Fresh from running an ad campaign against the government's decision to increase the environment tax, the nation's second largest oil-shale rock miner has asked to increase its annual mining quotas from 2.7 million tons to 4.3 million.
Viru Keemi Grupp (VKG) said its new plant which turns the resource into shale oil needs more oil shale rock, with Eesti Päevaleht calculating the worth of the additional 1.6 million tons to roughly 40 to 50 million euros.
New Environment Minister Mati Raidma is now faced with a difficult decision - he can either reject the request and face even more criticism after the campaign, which was heavily funded and which said the new tax rates will drive the industry into bankruptcy, destroying 24,000 jobs and costing the state 250 million in tax revenue per year. He can increase the 20-million-ton annual mining limit in Estonia or take the 1.6 million tons from Eesti Energia's share.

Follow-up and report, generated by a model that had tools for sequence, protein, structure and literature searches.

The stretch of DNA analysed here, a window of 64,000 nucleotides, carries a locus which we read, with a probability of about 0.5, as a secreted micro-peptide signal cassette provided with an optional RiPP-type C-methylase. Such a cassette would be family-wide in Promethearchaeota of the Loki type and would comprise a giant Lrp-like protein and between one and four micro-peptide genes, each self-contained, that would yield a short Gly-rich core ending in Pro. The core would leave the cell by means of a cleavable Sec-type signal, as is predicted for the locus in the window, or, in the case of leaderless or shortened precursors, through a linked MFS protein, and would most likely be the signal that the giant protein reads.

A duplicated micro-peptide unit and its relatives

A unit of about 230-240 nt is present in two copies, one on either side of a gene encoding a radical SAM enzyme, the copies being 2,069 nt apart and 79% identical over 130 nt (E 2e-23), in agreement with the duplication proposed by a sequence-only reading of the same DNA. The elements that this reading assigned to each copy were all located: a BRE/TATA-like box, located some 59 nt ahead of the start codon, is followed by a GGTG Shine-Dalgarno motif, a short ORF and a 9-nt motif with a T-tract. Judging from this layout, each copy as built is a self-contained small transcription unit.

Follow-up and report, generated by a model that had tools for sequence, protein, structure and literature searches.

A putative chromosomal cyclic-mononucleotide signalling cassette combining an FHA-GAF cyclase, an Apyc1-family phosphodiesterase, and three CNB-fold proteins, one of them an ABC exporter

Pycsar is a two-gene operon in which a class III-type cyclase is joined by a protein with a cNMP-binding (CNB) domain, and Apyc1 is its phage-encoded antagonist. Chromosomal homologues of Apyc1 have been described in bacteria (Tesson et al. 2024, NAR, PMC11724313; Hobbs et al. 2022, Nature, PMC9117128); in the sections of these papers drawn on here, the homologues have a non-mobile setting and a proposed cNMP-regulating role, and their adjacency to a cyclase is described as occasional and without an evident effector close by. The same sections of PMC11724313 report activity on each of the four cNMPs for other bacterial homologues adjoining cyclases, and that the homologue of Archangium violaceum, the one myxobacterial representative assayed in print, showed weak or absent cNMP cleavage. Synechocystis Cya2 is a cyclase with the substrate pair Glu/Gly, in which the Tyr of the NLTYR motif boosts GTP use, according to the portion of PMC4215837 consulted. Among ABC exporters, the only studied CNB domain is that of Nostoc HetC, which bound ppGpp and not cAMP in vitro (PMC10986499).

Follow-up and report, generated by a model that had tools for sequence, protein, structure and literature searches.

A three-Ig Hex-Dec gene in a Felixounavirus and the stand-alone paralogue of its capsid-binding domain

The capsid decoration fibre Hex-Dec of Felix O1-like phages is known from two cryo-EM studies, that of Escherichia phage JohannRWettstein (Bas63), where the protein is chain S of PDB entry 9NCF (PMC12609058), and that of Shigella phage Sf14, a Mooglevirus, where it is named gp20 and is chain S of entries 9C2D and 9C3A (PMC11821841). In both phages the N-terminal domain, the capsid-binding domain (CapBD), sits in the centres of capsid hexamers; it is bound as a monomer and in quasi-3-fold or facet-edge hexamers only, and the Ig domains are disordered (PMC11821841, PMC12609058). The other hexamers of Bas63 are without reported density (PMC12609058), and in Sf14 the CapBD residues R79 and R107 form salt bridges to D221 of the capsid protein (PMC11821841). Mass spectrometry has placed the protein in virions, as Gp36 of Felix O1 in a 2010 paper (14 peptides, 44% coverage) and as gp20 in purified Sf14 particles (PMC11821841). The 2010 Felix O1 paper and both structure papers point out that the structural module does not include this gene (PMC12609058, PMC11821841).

VKG has already taken the state to court to change regulations which hand Eesti Energia the right to 75 percent of annual oil shale mining quotas. Increasing the limits is a political minefield, especially with elections on the horizon.
Eesti Energia said although it only mined 12 million tons of its 15-million-ton limit last year, it is not willing to decrease its quota as the company has to increase electricity production to lower prices when they get too high. The state-owned giant said it is a matter of energy security for the Baltic states.
VKG recently said it could bring plans to produce diesel from shale oil back from the dead. Its new Petroter 2 shale oil plant, opened at the beginning of October, is already producing shale oil from oil shale rock, a product which can be turned into diesel fuel, at full capacity.